It’s a line theatre fans and movie buffs have known for decades. Soon, it will play out live on stage in Pierz.
Pierz Healy High School will present “Little Shop of Horrors” at 7 p.m. Friday and Saturday, March 26-27, with a 2 p.m. Sunday matinée on March 28. It is the first live production the school has been able to put together since the COVID-19 pandemic shut down schools and associated activities for much of the past year. As most things are in the age of COVID-19, one of the performances will also be live-streamed online. Cast and crew members will have that information.
COVID-19 has still made its presence felt in the fact the performers have to wear masks on stage when they can’t be at least six feet apart from their cast mates. It also will limit the crowd size to 150 people for each performance — tickets are available only by contacting a member of the production. Seniors get four tickets, everyone else gets three. But all of that is secondary to the fact the students are back in theatre.
“I think there’s definitely a sense of just excitement that we’re doing something, that a lot of those COVID things that otherwise do feel really exhausting are kind of canceled out because they’re just so excited to be making art again,” said Director Iris Kolodji, a first-year vocal music teacher at Pierz. “It’s been a really long time, I think, since anyone has really done this.”
Perhaps the biggest challenge the performers on stage have had to face has been conveying emotions while wearing a mask. Kolodji said much of an actor’s expression comes from the bottom half of their face. Though they have tried working with clear masks and other methods of the performers being able to show their faces, they have only been moderately successful.
“We’re really reliant on, like, our eyebrows and our faces that we make with our eyes and our voices a lot,” said senior Tori Mitchell, who plays the female lead, Audrey, in the play. “It’s really easy to talk monotone and have a lot of faces. We have to really rely on just our eyes and our voices. It’s also a struggle to be able to hear us and sing easily and breathe while dancing. It’s been a challenge, but we’re overcoming it, we’re facing it every single day. It’s been a challenge, but we can do it.”
Senior Jaron Gross, who plays the lead role of Seymour Krelborn, estimated he has been in roughly 25 – 30 plays in Pierz since he was in fourth grade. Though it scared him when he was really young, he said he grew up watching the 1986 film version of “Little Shop of Horrors” with his family. As such, he said it is a play in which he’s always wanted to perform, and landing the coveted role of Seymour only makes it that much better.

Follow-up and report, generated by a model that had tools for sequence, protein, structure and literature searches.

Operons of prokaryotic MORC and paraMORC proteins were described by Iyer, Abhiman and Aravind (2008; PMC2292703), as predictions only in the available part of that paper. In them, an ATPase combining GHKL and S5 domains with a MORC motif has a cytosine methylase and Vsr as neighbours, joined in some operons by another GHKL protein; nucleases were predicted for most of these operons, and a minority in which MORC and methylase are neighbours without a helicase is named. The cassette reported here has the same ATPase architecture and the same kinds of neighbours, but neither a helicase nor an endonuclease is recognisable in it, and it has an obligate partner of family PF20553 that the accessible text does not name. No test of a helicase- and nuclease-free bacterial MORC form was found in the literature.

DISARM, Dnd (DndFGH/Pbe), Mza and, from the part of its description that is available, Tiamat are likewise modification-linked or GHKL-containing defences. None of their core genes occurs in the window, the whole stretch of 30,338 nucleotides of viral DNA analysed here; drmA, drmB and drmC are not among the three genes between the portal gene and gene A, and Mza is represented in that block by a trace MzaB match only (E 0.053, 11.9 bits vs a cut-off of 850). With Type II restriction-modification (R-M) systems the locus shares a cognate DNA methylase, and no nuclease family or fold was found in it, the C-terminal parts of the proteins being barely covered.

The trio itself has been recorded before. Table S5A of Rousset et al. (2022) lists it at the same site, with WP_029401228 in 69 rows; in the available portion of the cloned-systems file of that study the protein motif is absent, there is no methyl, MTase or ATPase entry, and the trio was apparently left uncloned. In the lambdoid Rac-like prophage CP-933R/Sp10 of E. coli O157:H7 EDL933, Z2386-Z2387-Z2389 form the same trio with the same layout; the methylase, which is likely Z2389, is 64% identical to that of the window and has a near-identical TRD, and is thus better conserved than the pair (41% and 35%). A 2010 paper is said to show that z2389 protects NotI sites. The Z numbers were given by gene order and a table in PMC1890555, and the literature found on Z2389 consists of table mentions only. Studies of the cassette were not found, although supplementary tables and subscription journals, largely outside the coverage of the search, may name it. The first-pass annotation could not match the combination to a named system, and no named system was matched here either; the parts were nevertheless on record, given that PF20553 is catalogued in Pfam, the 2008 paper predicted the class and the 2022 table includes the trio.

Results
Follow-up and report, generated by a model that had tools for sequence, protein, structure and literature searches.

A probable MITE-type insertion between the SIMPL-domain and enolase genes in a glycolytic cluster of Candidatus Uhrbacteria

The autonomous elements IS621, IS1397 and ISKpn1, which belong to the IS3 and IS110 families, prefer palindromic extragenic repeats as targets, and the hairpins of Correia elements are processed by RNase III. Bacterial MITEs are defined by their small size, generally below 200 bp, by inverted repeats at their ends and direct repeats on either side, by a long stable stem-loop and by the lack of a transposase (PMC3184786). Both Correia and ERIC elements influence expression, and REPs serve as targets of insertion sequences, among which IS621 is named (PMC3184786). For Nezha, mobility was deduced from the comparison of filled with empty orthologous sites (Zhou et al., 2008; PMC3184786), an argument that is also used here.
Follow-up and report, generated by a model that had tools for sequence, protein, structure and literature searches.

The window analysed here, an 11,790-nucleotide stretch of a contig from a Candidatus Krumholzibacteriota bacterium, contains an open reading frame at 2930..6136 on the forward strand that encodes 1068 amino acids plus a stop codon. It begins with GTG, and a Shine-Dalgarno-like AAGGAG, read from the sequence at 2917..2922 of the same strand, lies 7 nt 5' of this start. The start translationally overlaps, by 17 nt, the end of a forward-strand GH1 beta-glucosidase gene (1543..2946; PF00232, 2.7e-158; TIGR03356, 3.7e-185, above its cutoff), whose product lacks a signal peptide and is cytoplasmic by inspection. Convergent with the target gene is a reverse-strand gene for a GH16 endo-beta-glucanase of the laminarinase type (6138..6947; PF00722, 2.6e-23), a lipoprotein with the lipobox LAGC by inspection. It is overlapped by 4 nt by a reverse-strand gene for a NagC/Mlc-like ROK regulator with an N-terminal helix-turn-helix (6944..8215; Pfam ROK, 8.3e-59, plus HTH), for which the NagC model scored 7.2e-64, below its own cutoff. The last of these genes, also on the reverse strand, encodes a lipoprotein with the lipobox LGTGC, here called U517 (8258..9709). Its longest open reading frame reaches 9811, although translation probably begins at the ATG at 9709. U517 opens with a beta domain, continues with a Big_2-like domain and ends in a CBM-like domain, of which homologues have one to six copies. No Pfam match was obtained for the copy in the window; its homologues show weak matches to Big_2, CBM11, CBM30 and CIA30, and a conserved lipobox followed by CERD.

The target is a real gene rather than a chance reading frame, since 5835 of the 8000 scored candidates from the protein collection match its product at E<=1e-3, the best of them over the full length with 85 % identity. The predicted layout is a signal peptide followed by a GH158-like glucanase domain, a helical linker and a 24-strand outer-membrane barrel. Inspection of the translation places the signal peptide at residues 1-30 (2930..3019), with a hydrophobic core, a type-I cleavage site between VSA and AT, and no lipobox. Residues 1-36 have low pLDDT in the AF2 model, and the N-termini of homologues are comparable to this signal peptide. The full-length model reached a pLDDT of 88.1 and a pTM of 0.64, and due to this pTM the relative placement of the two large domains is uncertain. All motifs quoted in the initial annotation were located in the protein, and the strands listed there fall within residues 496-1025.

As the last play he will perform in while still a student at Pierz, he said it would hold a special place in his heart regardless of the circumstances. However, the adversity he and his classmates have faced during the pandemic have made this show that much more special.
“I think now, especially, having gone through quarantine and COVID and everything it really, really means a lot to us,” Gross said. “Everything was taken away so quickly, and we lost everything in the blink of an eye. We finally are getting back, over a year and a half later, and this is something that I know I’m going to remember for the rest of my life.”
Kolodji said the pandemic also played a role in why “Little Shop of Horrors” was chosen as this spring’s musical. Its relatively small cast and orchestra allowed for more social distancing on stage. That is not to say, however, that the story and music in the play are secondary.
A mash-up from the genres of science fiction and comedy, “Little Shop of Horrors” tells the story of Seymour Krelborn, an impoverished flower shop employee living on “Skid Row” in New York City. Orphaned as a child, he toils long hours for his adoptive father and shop owner, Mr. Mushnik. He longs to get out of Skid Row, and for the love of his coworker, Audrey, who is in an abusive relationship with a sadistic dentist.